• April 2002
  • Vol. 3, No. 3

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Study Examines Spanking Among Minnesota Parents

Parents who stop physically punishing their children and employ alternative methods of discipline, such as nurturing and teaching, are rewarded with children who become less aggressive and violent. Those are the findings of a recently concluded 8-year study coordinated by the University of Minnesota's Extension Service in Goodhue County, in partnership with other agencies. Researchers followed 1,000 parents of children younger than 13 to learn about their attitudes toward spanking.

"If you hit your children, it will be very difficult to teach them not to hit others because they have experienced it from the most important person in their lives," said retired University of Minnesota Extension Service sociologist, Ron Pitzer, who led the study. Running concurrently with the study, a public awareness and educational campaign called "Kids: Handle With Care," sent the message to Goodhue County residents that it is never okay to spank a child. The message was disseminated through newspaper articles, radio programs, restaurant table tent cards, grocery bags and carts, church programs, parade floats, and a county fair exhibit.

The following results were reported among Goodhue County parents at the conclusion of the study:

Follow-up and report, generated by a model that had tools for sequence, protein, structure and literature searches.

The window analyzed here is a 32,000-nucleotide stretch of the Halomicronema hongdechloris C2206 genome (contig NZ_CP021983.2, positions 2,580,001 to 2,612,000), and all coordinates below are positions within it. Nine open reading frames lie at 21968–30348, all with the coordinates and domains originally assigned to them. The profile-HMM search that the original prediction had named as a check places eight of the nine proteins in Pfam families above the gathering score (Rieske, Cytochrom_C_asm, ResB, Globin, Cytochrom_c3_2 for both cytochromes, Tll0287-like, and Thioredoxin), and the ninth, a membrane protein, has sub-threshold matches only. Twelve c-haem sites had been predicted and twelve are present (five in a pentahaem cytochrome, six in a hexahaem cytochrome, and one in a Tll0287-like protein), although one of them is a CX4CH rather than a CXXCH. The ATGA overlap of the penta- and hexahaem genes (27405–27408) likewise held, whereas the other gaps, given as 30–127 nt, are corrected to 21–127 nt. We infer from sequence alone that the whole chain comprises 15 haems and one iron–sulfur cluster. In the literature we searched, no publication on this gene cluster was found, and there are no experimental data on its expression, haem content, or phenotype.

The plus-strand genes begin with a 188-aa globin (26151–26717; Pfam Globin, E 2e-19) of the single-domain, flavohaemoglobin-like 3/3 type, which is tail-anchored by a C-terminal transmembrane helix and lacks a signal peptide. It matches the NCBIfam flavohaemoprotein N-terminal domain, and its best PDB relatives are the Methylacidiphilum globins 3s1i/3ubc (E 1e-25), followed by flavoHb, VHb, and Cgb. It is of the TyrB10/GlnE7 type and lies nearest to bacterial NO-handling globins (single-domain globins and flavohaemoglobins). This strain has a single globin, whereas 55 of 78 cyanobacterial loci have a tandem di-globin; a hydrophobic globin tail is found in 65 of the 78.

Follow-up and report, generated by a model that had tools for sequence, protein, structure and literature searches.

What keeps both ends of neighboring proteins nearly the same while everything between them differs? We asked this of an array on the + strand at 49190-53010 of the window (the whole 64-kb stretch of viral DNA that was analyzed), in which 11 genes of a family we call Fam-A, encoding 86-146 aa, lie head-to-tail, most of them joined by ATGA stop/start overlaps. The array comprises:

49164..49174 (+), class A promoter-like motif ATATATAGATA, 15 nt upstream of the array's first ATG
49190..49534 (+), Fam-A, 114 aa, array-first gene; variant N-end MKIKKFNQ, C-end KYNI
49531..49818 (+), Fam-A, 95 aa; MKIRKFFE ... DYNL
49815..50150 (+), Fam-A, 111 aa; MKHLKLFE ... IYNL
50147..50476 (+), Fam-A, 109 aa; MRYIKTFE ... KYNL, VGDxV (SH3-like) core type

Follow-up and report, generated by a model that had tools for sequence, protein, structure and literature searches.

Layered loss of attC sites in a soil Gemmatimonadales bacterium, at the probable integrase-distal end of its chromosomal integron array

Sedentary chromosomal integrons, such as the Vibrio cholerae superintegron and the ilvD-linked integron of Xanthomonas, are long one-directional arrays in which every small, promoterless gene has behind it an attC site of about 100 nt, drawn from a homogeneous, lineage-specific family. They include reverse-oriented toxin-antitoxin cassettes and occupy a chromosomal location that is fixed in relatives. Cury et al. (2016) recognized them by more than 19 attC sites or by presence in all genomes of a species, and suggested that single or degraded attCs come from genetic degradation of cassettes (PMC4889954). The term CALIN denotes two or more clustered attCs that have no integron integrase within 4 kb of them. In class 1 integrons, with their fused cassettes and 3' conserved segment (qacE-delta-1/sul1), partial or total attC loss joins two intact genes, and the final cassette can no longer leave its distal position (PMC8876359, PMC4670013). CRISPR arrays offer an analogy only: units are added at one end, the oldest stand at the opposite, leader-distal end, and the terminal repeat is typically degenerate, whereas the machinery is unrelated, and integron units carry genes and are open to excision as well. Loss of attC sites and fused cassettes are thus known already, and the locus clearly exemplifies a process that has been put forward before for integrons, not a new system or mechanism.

• The use of physical punishment dropped from 36 percent to 12 percent.
  • Parents who spanked their children reported a considerable increase in their children's aggressiveness.
  • Parents who reduced physical punishment reported their children were less aggressive.
  • Parents who attended classes were better at setting limits and enforcing consequences, and they were more calm and nurturing. Their children were more compliant, communicated more openly, had a better attitude, and were calmer.
  • Fathers matched or exceeded mothers in alternative, more positive discipline methods.

The findings demonstrate that the county-wide educational effort was successful in helping parents make the decision to eliminate spanking, resulting in happier parents and happier children.

For more information on the Goodhue County study, contact Kathleen Olson, University of MN Extension Service, 651-385-3100.

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